A Mechanic by Trade

Posted: March 20, 2015 by writingsprint in Science fiction
Tags: , ,

Firefly game

If it’s crazy, but it works, it isn’t crazy. While I’m doing research, I played a few solo rounds of the Firefly board game to give me a handle on what it feels like to be an interstellar merchant. The first thing I discovered is that you work with some interesting characters out in the Black, some that you didn’t know you needed.

Corbin shifted the trader into hyperdrive. The ship lurched, then dropped as it entered the void. The shift tossed everyone who wasn’t sitting down sideways, and those were sitting down fell out of their chairs. All except Corbin. He had belted himself in.

Corbin grimaced as he heard people swearing over the ship’s intercom. Might as well face the music. “Everyone okay out there?”

“Yeah.”

“Fine.”

“That’s a bumpy ride, boss.”

“Sorry about that. I’ll see if the inertial damps need replacing.”

Corbin locked in the autopilot. He pretended to work. The inertial damps were fine. Instead, he ran diagnostics on the ship systems and other busy work that had to be done anyway. He worked on everything but the inertial damps, except for the systems check, which showed, yes, that they were fine. He held his favorite screwdriver while he worked his way down the list.

“Hey.”

“Jesus!” Yolanda’s quiet, breathy voice, soft as feathers, made him jump. She stood at the cockpit hatch. She didn’t look bothered that she’d surprised him. She leaned in just enough so that she was inside the cockpit and not the accessway. It set him at ease, which set Corbin on edge. He’d only known her a few days, and so far he’d seen her stop two arguments and warm up to everyone he’d seen her meet. She knew just how to get everyone to like her. It bothered him.

Anyway. Corbin said, “Hi, Yo. You need anything?”

“How’s the ship?”

“It’s what I thought. Starboard dampener. It should just need an adjustment, though, not a full replacement.”

“Good. Great.”

“Yeah.” She didn’t leave. “Anything else?”

“It’s a tough job.”

“What? Being a…” She said she was a personal assistant. He didn’t know what that meant.

“Pilot.”

Corbin grinned. He put on his best poker face. “Not as much you’d think. When you’ve been around a while… you…”

Yolanda tilted her head as he kept talking. Corbin had to work on his poker face.

“You’ve never flown before, have you?” she asked, her voice soft again.

“I have, as copilot, with much better pilots,” he admitted.

“Ah. Your first ship?”

“I never said it wasn’t.”

She smiled. “And they tell me I’m selective with my words.”

He sat back in the pilot’s chair. Corbin dimpled his palm with the point of his screwdriver. “I’m a mechanic by trade. Nursed Bonanza back to health. She’s purred like a kitten ever since.” He put his hand on the bulkhead. “She’ll keep purring as long as I don’t wreck her.”

“A word of advice… captain.” Yolanda stepped over to him. She took the screwdriver out of his hand. Yolanda held it up for him to see, like teaching a junior grease monkey. “Most pilots don’t wear tool belts every waking moment. If you want to play the part, look the part. And hire a pilot.” She handed it back to him. “I don’t want to be holding my breath every time we transit in and out of jump.”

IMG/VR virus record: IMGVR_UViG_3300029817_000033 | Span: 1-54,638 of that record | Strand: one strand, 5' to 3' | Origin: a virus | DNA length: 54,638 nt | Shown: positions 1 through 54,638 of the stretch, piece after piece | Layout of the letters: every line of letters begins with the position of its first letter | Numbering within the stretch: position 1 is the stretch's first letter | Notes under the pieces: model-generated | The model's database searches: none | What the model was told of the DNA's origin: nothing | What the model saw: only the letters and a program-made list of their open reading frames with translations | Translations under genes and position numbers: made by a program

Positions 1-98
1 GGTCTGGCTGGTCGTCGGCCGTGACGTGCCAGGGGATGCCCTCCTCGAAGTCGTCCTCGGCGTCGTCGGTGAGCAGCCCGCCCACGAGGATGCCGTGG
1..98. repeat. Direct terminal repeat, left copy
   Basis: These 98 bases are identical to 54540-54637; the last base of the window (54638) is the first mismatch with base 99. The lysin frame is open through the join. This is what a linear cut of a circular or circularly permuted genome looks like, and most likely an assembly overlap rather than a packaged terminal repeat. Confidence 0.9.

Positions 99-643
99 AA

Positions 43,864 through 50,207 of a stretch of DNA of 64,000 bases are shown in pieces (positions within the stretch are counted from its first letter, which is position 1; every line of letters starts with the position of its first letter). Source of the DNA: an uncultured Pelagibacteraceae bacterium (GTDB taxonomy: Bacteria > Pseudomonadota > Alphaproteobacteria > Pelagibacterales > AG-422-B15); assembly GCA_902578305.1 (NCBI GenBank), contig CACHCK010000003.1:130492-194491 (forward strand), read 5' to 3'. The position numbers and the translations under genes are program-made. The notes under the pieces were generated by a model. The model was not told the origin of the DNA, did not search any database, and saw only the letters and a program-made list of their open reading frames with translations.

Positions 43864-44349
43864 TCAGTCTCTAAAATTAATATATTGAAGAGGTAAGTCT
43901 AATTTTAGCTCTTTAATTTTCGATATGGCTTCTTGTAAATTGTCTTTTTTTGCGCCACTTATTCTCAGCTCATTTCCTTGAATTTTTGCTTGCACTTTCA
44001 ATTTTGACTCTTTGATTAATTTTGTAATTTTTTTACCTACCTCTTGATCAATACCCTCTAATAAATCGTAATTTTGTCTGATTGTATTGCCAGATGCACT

She started to leave. Corbin frowned. He felt she’d just psychoanalyzed him. “Every time? You’re a passenger, not my crew.”

Yolanda glanced back at him. “Really?”

He stood and met her at the hatch. “So you can read people. What else?”

Yolanda stared straight into his eyes. Soft as velvet, she said, “You’re flying the best-maintained ship I’ve seen in a year. You like engines better than people. You carry a gun that you’ve never fired. You have friends in both high and low places and you don’t trust either of them. You have contraband in the starboard hold. You like to stay clean but you’ll get dirty, and you’ll roll with people and jobs who are… unsavory. You need someone who’s good with people, can shoot, can keep a secret, and who can get dirty and look like a bouquet of roses doing it.” She smiled. “That’s me.”

Corbin didn’t know if she was telling the truth or wrapping him around her finger. The smart part of his brain told him that he had more reason not to trust her. But he smiled, and said, “I don’t like engines more. They’re just easier.”

“Point taken, captain.”

“Corbin’s fine. What’s your cut?”

“Equal share.”

“After expenses. And I decide what the expenses are.”

She smiled sweet as honeysuckle. “Done.”

Yolanda walked out of the cockpit. In the ship’s lounge, he heard one of the passengers ask, “What was it?” and she replied, “Starboard inertial something or other.” Corbin tapped his screwdriver on the heel of his hand. He wondered where Yolanda picked up her unique skill set.

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Comments
  1. Fredrik Kayser says:

    I enjoyed this quite a bit, good charavter development given the length. Or well, introduction i suppose! Tickles the curiosity. : )

    Liked by 1 person

    • Thanks! I’m surprised this has gotten so many likes! I think you’re right. It’s all about the characters. Corbin’s an appealing guy but he has already has some “warts” or flaws out of the gate. And we don’t even know if we can trust Yolanda yet, though she seems to have a good heart. Probably.

      They’re a lot like the characters I’ve been working on but they’re different in some very specific ways. I don’t know whether to stick with them as they are or massage one set of characters to be more like the other. All things considered, it’s a great problem to have.

      And I think it’s hysterical that I came up with this from playing a board game.

      Liked by 1 person

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